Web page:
- Even Mater can be likable enough for some viewers despite his flanderization as mentioned above.
- At least the racers aren't stereotypes of their countries.
- The concept of seeing cars go around the world is interesting, in terms of the film being part of the Cars franchise.
- Some scenes are worth a laugh, especially with these quotes:
- "Whatever you do, do NOT EAT, the free pistachio ice cream! It has turned." (echoes) (Arguably the funniest scene of the movie)
- "I have no idea what you're talking about, Alexander Hugo, A.K.A Chop Shop Alex. Hey, you got a lot of A.K.As, Alex, but I guess that makes sense, seeing as how you're wanted in France, Germany, the Czech Republic-"
- "MATER, STOP IT!"
- "Wow! A live karate demonstration!"
- "Those are strong words from a car that is so fragile."
- "FRAGILE?! HE CALLS-A FRANCESCO FRAGILE! NOT-A SO FAST, MCQUEEN!"
- "Not so fast, what is that, your new motto?"
- "FRAGILE?! HE CALLS-A FRANCESCO FRAGILE! NOT-A SO FAST, MCQUEEN!"
- "You talked up a lotta cars last night! Which one's your associate?" Your mother. Oh, no, I'm sorry it was your sister. You know, I can't tell them apart these days."
- "What is happening, it's a bad dream!"
- "WHAT IS HAPPENING!?!?"
- Decent direction by John Lasseter.
- Impressive cinematography, as expected for Pixar films.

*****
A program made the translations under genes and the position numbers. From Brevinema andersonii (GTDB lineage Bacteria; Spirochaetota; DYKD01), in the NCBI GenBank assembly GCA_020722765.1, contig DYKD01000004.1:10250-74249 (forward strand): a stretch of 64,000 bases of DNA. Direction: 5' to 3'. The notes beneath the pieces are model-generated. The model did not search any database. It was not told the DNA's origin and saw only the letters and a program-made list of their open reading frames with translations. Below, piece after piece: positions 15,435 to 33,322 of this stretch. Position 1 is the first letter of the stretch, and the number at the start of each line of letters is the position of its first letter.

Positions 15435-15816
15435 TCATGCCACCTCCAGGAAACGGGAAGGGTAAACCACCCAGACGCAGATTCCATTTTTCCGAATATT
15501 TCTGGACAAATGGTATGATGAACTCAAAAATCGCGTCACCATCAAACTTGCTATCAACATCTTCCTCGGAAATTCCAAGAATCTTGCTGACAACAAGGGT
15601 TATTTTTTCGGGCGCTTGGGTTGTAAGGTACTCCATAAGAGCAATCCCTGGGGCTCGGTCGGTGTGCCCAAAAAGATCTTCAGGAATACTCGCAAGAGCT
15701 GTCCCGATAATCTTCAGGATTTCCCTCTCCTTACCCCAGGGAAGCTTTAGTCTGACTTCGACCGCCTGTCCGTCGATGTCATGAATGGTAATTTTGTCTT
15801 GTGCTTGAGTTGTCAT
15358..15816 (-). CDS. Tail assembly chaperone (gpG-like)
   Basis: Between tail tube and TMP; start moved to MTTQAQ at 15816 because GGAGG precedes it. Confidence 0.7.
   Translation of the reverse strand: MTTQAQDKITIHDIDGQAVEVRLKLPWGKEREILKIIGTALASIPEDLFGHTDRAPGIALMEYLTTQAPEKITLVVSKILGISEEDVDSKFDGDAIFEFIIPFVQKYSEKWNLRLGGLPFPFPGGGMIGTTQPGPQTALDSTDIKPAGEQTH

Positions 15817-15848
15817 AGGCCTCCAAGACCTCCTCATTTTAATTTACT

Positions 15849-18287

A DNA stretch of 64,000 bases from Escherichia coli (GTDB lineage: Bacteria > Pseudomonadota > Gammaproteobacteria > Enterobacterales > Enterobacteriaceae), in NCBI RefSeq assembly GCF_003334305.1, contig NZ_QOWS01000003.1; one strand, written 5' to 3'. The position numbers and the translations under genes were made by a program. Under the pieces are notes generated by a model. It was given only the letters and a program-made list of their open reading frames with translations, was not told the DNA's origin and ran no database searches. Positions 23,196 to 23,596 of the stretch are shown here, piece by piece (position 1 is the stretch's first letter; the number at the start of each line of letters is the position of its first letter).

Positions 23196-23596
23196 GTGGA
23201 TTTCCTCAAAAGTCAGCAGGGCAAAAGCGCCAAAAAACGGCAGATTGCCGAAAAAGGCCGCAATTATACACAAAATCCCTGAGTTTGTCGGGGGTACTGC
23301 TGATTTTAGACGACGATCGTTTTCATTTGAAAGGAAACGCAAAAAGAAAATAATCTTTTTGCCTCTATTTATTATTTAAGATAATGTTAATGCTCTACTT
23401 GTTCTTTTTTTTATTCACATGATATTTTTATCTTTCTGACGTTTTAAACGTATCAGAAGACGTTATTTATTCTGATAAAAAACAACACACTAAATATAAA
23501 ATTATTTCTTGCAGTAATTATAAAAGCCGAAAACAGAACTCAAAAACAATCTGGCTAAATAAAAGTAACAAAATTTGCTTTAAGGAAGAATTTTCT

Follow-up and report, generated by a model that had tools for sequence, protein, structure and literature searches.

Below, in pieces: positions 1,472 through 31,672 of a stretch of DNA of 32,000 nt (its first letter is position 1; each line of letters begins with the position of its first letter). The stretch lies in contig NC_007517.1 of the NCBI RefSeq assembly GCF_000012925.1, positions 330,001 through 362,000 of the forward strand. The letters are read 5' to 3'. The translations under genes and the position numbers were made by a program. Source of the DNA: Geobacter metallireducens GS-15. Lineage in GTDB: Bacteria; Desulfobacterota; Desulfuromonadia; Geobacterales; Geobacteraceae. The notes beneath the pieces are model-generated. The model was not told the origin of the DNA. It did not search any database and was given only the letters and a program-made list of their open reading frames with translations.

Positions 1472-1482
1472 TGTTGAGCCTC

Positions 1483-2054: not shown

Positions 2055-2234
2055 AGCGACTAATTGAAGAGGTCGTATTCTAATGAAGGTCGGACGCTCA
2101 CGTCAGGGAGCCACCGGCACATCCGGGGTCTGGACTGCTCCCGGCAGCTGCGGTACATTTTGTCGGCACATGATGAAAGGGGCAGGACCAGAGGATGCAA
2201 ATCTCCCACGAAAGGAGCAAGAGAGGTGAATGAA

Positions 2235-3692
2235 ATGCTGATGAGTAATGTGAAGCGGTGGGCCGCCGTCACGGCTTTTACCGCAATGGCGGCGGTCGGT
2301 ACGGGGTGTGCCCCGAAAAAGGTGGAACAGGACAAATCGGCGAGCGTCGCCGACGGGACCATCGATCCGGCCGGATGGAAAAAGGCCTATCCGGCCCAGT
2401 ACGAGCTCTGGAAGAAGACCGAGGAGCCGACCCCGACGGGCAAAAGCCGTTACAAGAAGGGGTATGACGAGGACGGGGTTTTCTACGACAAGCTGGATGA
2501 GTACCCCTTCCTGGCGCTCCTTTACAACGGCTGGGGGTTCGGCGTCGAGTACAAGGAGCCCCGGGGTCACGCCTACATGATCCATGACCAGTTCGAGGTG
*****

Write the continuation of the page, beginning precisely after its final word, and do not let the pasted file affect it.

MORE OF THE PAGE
- The ending is actually awesome, especially with Mater about to tow Otis with his rockets on, a faster nod to the beginning.
While many Pixar movies received positive feedback, Cars 2 received mixed reviews with praise for its voice acting and animation, but criticism for its G-rating, focus on Mater, and found the plot confusing and is widely considered to be Pixar's only weakest and black sheep movie until 2022's Lightyear. On the review aggregator website Rotten Tomatoes, the film holds an approval rating of 39% based on 219 reviews, with an average rating of 5.50/10. The website's critical consensus reads: "Cars 2 is as visually appealing as any other Pixar production, but all that dazzle can't disguise the rusty storytelling under the hood.". It is the lowest-rated Pixar film on the site to date, and the only one to earn a "rotten" certification. It also has a 49% audience score, further proving that this is the weakest Pixar film. Another review aggregator, Metacritic, which assigns a weighted average score to reviews from mainstream critics, gave the film an average score of 57 out of 100, based on 38 critics, indicating "mixed or average reviews". Audiences polled by CinemaScore gave the film an average grade of "A-" on an A+ to F scale, while IMDb rates it at 6.2/10 as well as a 2.4/5 score on Letterboxd, becoming the lowest score from Pixar feature films.